Practice Guidelines

Eosinophilic Esophagitis: Management Guidelines from the AGA and JTF


Am Fam Physician. 2021 May 1;103(9):573-574.

Author disclosure: No relevant financial affiliations.

Key Points for Practice

• Food elimination based on allergy testing resolves esophageal inflammation in one-half of patients.

• Medication options for eosinophilic esophagitis include topical steroids delivered via an asthma inhaler and then swallowed and proton pump inhibitors.

• Dysphagia with eosinophilic esophagitis is often secondary to esophageal strictures, which can be treated with endoscopic dilation.

From the AFP Editors

Eosinophilic esophagitis is an inflammatory condition triggered by food antigens in sensitive patients. Initially characterized in the early 1990s, eosinophilic esophagitis is now recognized as a major cause of dysphagia. The evidence base of eosinophilic esophagitis is limited to short-term studies, and symptoms and endoscopic features comprising the diagnosis vary in the literature. Affected patients often have atopic diseases including asthma, allergic rhinitis, and eczema. Eosinophilic esophagitis is definitively diagnosed by eosinophilia visible in esophageal biopsies of symptomatic patients without other reasons for eosinophilia. The American Gastroenterological Association (AGA) and the Joint Task Force on Allergy-Immunology Practice Parameters (JTF) published guidelines for treatment of eosinophilic esophagitis.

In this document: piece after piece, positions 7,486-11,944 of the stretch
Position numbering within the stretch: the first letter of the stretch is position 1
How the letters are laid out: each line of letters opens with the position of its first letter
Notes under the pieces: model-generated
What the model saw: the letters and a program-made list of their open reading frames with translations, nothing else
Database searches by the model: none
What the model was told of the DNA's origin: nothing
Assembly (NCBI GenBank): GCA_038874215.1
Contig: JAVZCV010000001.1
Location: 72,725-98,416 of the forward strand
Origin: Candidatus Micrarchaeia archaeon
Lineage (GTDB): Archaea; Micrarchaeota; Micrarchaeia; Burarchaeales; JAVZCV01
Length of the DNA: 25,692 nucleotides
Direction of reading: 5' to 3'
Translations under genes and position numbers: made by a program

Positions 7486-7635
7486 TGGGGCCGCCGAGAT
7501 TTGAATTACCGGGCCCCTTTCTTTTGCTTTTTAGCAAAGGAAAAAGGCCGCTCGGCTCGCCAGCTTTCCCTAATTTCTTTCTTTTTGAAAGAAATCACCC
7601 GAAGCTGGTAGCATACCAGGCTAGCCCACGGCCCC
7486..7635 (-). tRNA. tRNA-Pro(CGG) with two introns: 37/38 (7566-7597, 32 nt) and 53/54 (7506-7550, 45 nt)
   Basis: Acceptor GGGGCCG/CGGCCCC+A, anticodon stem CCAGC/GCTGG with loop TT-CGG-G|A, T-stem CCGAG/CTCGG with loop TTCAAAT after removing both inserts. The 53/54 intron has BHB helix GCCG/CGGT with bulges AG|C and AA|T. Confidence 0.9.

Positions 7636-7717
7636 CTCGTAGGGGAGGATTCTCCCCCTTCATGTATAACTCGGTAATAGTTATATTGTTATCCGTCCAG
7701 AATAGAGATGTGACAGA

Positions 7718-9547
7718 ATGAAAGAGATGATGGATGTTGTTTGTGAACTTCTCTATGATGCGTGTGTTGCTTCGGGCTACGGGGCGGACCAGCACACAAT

Endoscopic Monitoring

Because eosinophilic esophagitis is diagnosed by biopsy, studies often define successful treatment as resolution of inflammation by reducing eosinophils to below 15 per high-power field. Symptom relief may not correspond to changes in biopsy results, and there is debate about whether endoscopy should be repeated or if treatment should be guided by symptoms. Long-term studies are needed to evaluate whether improvement in biopsy results affects patient outcomes.

Dietary Changes

Dietary changes can be effective in resolving inflammation in eosinophilic esophagitis, although studies are limited by lack of control groups and short durations.

An elemental diet, consisting of amino acid-based formulas, resolves

Author disclosure: No relevant financial affiliations.

Coverage of guidelines from other organizations does not imply endorsement by AFP or the AAFP.

This series is coordinated by Michael J. Arnold, MD, contributing editor.

A collection of Practice Guidelines published in AFP is available at



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